Local Democrats Rally Against Early Voting Sites Decision Before Crucial Week

Local Democrats Rally Against Early Voting Sites Decision Before Crucial Week

The State Board of Elections is scheduled Thursday to review the county Board of Election's controversial decision

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Local Democratic activists rally with elected officials Saturday in Chevy Chase

Aaron Kraut

If the State Board of Elections approves the controversial decision to replace early voting sites in Burtonsville and Chevy Chase with sites in Brookeville and Potomac, the next course of action for local Democrats could be a lawsuit.

Darrell Anderson, chairman of the Montgomery County Democratic Central Committee (MCDCC), told a crowd of local Democratic activists Saturday that the group would bring the matter to court unless the State Board of Elections either puts off the approval or doesn’t approve the new early voting sites when it discusses the matter Thursday in Annapolis.

Not approving the sites could send the early voting site decision back to the Republican-controlled Montgomery County Board of Elections (BOE) that made the original move.

“It’s going to go beyond Oct. 15 for us at least, no matter what they decide,” Anderson told the crowd gathered at the Jane Lawton Community Recreation Center in Chevy Chase.

The facility was replaced as an early voting site with the Potomac Community Recreation Center. BOE President Jim Shalleck, a Republican appointed to the position by Gov. Larry Hogan, said the move away from Chevy Chase and Burtonsville to Potomac and Brookeville was made to give other places an opportunity to have early voting centers.

But Democrats quickly alleged the relocation of the centers from more densely populated areas—and in Burtonsville’s case, an area with more black residents—to less densely populated areas was a naked attempt at voter suppression.

On Oct. 1, Democratic County Council members grilled Shalleck for the decision in a council hearing. Shalleck admitted that the new early voting sites would put fewer registered voters within 5 miles of an early voting site, a standard used for determining early voting locations in the state.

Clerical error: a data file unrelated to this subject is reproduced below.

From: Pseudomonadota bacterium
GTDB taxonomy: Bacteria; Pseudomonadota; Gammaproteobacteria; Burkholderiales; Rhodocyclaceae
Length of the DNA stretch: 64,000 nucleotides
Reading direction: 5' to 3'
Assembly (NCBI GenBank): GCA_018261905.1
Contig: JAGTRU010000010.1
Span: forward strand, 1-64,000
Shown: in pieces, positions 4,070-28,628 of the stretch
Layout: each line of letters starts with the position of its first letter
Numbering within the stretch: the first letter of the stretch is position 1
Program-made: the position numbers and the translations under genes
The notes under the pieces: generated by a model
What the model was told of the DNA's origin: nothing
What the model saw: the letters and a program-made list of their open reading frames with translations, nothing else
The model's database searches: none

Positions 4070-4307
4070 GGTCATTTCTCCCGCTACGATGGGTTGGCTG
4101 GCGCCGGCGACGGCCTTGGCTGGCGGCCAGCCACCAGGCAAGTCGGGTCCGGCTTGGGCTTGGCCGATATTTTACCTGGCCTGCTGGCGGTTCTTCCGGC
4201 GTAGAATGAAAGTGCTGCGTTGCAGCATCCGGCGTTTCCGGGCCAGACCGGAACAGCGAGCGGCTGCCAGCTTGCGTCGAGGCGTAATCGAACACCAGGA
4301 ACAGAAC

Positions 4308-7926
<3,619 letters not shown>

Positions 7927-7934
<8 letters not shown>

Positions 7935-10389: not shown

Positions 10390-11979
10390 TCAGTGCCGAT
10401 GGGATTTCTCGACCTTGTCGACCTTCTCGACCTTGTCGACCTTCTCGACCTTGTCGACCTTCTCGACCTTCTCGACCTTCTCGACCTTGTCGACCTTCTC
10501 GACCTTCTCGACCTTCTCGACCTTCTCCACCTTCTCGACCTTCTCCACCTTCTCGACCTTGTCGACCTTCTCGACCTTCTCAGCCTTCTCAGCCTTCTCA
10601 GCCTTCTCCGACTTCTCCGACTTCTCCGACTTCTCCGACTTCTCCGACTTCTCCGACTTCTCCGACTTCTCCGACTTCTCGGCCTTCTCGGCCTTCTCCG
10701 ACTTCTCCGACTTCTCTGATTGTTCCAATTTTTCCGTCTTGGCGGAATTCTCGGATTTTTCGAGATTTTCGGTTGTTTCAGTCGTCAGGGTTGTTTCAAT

The MCDCC held rallies Saturday in Chevy Chase and in Burtonsville at the Marilyn Praisner Community Recreation Center that had also been replaced.

In Chevy Chase, the focus was on the location’s relative accessibility to seniors who live in the Bethesda-Chevy Chase area.

Madeleine Sigel, a Bethesda resident and former member of the BOE, said “this never could’ve happened” when she was on the board because “even the two Republicans on the board were very nice and we were able to compromise, which is something nobody knows anymore.”

The political party of the governor controls all local election boards in Maryland, which is why heavily Democratic Montgomery County now has a five-member BOE controlled by three Republicans.

Anderson, wearing a shirt that read “Bad Politicians Are Elected by People Who Don’t Vote,” said the early voting site decision is “Gov. Hogan’s attempt to put in a larger amount of voter suppression throughout the state. It’s no surprise he chose Montgomery County for the first test. If he can do it here, he can do it anywhere.”

Shalleck has denied coordinating the effort with state leaders of the Republican party, though he did tell County Council members that he and at least one other Republican member of the BOE did consult with county Republican leaders before making the decision.

The two Democrats on the BOE voted against replacing the two sites.

District 18 state Sen. Rich Madaleno, who has proposed emergency state legislation to add the sites back, said at the Chevy Chase rally the BOE decision was “just wrong” and “not American.”

On Tuesday, council member Tom Hucker, who represents Burtonsville, will hold a press conference to announce he will deliver a petition with more than 2,200 supporters to the State Board of Elections before its session Thursday.

“I actually represent this area and I represent Potomac, where they moved this site. Am I torn by that? No,” County Council member Roger Berliner said Saturday. “There’s no question that this site serves more people, more voters and people who come to Bethesda to work than the site in Potomac. If you are choosing sites, every site should be designed to again encourage voting and make it easier for people to vote. This site does that. That site doesn’t.”

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